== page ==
Proinflammatory mediator expression in a novel murine model of titanium-particle-induced intramedullary inflammation JOURNAL OF BIOMEDICAL MATERIALS RESEARCH PART B-APPLIED BIOMATERIALS Warme, B. A., Epstein, N. J., Trindade, M. C., Miyanishi, K., Ma, T., Saket, R. R., Regula, D., Goodman, S. B., Smith, R. L. 2004; 71B (2): 360-366


Wear debris from total joint replacement prostheses is implicated in periprosthetic osteolysis and implant loosening. The pathophysiology of this biological process remains unclear. Animal models of particle-induced osteolysis have proven useful in the study of specific tissue responses to wear debris. However, existing in vivo murine models of particle-mediated inflammation do not permit analysis of cortical bone degradation. This study describes a murine model of particle disease using an intramedullary rod in the mouse femur to parallel the clinical situation. The model consists of placing a 10-mm-long Kirschner wire retrograde in both femurs of C57b1/6 male mice via a medial parapatellar arthrotomy. Phagocytosable titanium particles were also implanted unilaterally to replicate generation of wear debris. Mice were sacrificed at 2, 10, and 26 weeks and whole femurs were cultured for 72 h. Levels of interleukin-6, monocyte chemotactic protein-1, and macrophage colony stimulating factor were assayed by ELISA. Transverse histological sections, at the level of the implant, were taken and stained with hematoxylin and eosin (H&E). Results demonstrated increased expression of proinflammatory mediators at 2 weeks in femora with rod and particles compared to femora with rods alone. Destruction of the endosteum was evident at 2, 10, and 26 weeks in the femora with titanium. This novel murine model of particle-induced intramedullary inflammation may facilitate cost-effective genetic studies and offers investigators a simple, clinically relevant intramedullary model to readily examine the pathogenesis of particle-mediated periprosthetic osteolysis.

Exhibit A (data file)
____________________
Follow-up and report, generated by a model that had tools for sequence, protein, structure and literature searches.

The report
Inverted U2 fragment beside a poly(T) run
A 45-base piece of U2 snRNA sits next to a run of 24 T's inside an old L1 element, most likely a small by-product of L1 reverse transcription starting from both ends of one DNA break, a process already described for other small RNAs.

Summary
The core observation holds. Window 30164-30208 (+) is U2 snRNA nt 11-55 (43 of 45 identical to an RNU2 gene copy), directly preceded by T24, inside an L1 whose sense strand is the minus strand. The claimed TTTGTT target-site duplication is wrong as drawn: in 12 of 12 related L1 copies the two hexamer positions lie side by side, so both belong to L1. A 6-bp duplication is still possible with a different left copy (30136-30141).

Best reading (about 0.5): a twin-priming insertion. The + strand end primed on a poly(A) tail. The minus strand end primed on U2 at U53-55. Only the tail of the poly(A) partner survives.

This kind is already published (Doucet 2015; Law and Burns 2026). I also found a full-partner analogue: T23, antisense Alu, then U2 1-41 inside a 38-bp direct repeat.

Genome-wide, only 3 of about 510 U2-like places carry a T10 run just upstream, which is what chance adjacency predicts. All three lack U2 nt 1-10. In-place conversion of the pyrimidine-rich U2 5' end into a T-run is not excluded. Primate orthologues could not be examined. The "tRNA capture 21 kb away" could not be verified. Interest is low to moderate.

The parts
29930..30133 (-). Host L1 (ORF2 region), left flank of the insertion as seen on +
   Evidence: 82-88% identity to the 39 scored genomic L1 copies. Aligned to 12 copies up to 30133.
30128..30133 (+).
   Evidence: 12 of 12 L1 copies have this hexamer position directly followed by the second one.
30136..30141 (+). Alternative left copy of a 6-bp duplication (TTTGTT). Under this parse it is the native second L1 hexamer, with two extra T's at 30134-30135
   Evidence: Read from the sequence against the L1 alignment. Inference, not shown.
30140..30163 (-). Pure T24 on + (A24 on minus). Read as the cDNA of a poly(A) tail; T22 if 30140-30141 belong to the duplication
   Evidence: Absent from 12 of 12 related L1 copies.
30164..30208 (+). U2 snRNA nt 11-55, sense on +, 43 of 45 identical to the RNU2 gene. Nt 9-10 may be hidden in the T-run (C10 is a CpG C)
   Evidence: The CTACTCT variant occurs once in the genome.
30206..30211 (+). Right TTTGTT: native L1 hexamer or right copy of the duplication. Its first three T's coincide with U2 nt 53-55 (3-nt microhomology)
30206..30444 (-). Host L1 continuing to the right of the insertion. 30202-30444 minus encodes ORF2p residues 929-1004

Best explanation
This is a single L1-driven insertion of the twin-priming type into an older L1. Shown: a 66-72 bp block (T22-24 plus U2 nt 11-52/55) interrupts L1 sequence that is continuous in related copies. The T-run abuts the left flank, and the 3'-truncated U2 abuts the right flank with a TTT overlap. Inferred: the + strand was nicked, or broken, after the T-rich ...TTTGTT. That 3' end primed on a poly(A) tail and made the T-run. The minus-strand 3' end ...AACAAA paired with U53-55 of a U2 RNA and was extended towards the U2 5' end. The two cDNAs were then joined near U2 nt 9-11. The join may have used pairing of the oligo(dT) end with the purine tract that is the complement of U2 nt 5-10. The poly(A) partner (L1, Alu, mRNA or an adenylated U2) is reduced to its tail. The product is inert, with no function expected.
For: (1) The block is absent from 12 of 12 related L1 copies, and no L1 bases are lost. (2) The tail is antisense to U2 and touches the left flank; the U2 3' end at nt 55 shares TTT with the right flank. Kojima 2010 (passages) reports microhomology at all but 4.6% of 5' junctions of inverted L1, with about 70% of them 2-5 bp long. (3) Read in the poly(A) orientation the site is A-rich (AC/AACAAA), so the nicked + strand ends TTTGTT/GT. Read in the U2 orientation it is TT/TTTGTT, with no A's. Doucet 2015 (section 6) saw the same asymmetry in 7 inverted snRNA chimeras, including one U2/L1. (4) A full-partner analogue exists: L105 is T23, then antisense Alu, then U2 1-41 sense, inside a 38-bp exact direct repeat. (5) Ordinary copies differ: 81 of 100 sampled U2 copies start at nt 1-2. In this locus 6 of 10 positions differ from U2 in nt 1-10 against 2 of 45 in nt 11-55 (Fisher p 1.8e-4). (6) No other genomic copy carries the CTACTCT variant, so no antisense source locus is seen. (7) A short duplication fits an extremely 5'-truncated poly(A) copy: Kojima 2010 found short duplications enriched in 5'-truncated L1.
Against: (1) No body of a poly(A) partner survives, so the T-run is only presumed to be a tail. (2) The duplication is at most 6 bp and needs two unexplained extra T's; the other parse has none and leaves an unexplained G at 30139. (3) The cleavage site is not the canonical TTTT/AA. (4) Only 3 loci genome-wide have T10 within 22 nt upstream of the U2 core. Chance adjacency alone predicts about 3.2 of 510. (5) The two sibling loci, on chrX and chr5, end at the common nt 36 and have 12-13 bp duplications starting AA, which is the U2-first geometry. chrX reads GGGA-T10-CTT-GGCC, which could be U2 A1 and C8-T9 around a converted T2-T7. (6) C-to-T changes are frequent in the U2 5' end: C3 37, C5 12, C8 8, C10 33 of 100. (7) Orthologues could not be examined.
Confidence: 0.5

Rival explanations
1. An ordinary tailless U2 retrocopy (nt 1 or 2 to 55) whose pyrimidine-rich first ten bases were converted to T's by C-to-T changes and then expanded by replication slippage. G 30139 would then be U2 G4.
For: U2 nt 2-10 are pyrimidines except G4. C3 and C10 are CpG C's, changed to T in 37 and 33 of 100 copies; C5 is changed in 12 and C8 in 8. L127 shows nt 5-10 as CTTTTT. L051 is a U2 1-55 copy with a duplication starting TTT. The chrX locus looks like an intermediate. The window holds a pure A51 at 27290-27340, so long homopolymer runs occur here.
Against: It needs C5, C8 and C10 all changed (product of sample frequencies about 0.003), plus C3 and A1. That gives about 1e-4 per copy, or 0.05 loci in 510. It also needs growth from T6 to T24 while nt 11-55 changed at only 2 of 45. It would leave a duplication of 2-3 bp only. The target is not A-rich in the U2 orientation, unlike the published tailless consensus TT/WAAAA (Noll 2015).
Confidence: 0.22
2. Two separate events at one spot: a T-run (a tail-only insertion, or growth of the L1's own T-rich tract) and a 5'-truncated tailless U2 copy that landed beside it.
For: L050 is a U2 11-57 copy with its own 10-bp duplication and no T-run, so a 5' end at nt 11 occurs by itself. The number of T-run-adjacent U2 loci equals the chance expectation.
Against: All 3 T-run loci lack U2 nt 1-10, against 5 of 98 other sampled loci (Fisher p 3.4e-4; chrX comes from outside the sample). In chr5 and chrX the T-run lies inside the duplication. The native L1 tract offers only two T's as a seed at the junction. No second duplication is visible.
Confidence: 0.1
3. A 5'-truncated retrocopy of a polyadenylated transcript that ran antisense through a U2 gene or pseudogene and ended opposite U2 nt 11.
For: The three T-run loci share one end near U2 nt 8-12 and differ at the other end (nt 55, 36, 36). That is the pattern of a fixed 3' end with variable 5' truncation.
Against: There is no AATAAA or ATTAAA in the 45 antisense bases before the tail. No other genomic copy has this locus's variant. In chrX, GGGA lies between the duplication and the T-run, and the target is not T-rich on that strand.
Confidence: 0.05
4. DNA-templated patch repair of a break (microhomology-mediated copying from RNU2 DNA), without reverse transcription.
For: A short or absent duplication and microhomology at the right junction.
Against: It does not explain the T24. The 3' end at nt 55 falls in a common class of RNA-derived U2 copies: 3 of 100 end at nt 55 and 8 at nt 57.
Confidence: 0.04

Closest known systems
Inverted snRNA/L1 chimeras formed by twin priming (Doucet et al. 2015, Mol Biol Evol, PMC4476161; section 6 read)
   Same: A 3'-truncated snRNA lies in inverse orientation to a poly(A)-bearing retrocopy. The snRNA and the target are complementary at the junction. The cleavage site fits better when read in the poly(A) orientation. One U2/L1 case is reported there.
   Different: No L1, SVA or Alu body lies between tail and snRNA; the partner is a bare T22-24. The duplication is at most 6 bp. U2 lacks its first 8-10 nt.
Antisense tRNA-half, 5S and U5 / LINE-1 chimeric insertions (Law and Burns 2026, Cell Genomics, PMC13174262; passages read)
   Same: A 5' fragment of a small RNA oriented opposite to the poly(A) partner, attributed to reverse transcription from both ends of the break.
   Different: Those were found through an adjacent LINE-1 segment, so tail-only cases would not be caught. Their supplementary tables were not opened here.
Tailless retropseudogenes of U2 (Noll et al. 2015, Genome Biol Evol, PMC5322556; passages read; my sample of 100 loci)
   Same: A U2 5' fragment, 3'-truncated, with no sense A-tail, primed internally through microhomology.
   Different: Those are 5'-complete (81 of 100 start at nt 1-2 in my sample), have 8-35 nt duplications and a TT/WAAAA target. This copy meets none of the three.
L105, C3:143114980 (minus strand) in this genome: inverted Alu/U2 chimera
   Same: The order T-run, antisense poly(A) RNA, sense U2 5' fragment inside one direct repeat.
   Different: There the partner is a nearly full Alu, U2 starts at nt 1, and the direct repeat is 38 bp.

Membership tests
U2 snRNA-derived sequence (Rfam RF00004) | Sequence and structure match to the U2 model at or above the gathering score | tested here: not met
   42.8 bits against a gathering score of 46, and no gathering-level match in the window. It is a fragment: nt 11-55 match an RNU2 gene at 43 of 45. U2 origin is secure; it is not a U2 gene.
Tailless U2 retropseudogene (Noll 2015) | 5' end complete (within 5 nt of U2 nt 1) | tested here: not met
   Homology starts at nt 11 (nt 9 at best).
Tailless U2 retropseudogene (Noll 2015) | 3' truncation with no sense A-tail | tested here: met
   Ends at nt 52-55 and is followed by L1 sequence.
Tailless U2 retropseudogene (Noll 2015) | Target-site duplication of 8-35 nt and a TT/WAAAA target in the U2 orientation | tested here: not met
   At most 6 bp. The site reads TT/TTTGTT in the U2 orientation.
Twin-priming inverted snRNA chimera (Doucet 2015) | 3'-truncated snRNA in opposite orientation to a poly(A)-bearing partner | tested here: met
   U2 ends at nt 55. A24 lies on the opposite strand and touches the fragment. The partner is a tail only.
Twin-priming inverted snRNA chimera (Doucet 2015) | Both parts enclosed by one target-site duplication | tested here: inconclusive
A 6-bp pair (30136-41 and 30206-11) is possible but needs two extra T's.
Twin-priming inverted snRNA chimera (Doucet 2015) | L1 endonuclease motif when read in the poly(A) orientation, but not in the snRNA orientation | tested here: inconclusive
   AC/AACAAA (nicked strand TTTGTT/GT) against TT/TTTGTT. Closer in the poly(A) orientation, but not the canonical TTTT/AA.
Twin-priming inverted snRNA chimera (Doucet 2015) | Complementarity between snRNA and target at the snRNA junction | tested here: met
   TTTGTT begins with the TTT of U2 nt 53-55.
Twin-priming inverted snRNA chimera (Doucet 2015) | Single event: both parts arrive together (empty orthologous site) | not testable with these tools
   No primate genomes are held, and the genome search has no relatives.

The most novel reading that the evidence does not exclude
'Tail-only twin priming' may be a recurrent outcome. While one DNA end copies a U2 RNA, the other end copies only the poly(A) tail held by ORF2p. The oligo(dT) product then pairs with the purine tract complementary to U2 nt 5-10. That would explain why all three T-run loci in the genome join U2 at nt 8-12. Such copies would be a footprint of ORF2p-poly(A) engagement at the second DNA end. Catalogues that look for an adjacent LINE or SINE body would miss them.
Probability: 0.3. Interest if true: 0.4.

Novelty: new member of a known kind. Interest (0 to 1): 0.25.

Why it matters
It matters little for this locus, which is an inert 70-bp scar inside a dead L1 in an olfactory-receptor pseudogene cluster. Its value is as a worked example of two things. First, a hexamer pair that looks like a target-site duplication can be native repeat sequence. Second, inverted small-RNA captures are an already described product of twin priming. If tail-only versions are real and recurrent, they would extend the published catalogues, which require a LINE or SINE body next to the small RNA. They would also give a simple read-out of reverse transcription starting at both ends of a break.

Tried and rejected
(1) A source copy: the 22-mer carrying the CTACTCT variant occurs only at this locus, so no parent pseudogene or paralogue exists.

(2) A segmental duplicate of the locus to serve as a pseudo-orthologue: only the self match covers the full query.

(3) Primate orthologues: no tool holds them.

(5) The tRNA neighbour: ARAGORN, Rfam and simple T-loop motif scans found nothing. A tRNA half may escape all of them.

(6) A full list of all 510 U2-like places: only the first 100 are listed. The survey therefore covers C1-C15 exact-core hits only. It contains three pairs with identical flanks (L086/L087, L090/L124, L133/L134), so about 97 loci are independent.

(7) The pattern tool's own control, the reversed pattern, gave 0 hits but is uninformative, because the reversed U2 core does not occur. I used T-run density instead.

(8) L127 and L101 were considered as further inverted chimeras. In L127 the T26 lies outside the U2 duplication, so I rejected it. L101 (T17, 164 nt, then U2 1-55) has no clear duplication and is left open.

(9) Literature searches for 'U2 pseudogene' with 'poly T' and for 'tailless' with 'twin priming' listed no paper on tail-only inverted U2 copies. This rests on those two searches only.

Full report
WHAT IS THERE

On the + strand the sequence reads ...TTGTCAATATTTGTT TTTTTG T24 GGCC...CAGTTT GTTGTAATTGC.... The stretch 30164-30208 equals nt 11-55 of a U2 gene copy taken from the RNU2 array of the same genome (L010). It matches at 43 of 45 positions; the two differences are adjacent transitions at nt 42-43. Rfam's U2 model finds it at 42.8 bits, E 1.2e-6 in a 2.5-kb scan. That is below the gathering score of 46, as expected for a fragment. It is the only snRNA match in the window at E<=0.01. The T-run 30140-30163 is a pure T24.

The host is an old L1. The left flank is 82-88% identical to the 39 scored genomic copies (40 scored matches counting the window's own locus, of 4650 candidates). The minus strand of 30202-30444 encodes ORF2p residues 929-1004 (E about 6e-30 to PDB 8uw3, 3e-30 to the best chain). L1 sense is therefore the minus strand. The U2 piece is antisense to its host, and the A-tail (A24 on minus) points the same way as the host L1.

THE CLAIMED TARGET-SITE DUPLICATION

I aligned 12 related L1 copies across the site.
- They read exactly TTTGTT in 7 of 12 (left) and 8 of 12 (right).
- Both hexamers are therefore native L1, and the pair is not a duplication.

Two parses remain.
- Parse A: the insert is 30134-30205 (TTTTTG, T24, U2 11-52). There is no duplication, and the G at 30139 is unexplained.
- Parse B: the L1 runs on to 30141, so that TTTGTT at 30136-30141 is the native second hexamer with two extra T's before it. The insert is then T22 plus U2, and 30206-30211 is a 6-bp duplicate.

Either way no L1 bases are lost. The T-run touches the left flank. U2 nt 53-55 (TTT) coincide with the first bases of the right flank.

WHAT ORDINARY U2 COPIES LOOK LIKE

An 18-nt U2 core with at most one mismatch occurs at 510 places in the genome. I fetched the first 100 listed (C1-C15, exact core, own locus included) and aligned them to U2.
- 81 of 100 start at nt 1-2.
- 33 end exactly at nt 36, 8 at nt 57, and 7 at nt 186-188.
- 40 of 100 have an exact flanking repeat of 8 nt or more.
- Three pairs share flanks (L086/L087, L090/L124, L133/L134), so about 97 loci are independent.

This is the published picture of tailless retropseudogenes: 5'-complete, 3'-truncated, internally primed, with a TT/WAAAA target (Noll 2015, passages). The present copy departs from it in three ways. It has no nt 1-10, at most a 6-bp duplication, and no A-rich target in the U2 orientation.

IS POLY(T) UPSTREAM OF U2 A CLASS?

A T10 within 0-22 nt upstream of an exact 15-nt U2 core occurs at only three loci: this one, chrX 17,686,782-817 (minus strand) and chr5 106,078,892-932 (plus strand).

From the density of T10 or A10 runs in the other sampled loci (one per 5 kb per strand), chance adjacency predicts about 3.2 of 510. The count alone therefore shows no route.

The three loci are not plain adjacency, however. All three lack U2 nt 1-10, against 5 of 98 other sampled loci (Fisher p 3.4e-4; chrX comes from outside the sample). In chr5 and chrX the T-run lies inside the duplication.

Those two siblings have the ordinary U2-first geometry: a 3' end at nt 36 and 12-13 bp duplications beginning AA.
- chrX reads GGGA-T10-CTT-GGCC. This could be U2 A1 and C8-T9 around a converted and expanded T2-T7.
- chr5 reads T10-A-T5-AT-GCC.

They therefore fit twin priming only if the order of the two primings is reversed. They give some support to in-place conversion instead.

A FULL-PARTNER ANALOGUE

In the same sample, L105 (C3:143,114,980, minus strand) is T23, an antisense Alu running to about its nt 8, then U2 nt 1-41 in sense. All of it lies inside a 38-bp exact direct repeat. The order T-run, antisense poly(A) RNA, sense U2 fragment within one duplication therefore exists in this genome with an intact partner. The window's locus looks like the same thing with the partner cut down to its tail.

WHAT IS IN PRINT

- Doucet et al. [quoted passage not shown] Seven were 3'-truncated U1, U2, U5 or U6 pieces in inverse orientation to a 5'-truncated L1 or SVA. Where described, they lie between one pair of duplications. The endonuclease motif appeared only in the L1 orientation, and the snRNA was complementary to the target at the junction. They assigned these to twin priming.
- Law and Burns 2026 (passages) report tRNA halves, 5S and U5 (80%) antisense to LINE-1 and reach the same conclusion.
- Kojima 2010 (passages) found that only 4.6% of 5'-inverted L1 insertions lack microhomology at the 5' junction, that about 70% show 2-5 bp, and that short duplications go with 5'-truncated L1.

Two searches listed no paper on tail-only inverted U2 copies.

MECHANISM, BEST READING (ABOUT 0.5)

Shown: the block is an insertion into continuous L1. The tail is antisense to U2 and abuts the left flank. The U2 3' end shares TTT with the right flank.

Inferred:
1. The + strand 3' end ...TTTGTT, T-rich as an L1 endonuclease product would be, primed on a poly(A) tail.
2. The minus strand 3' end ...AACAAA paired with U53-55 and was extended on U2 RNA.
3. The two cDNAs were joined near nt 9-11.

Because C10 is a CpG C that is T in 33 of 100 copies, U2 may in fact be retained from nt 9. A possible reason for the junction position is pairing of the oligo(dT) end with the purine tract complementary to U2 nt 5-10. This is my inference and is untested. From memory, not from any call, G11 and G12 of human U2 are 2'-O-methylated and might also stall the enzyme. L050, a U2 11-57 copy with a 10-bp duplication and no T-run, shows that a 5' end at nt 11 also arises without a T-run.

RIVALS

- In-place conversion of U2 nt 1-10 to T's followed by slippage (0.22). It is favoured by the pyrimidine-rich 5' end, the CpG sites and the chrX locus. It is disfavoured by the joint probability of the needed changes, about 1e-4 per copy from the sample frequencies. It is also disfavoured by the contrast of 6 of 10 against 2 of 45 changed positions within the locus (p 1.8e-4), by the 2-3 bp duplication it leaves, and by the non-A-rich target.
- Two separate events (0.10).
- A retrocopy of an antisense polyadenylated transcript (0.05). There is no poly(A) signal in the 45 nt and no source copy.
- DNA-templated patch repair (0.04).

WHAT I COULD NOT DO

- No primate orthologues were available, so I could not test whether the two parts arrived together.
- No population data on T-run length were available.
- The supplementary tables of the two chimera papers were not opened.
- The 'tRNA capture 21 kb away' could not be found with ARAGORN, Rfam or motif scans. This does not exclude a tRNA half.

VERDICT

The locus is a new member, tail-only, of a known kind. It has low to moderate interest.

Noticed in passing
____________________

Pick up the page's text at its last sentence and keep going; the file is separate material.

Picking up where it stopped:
View details for DOI 10.1002/jbm.b.30120

View details for Web of Science ID 000224846700018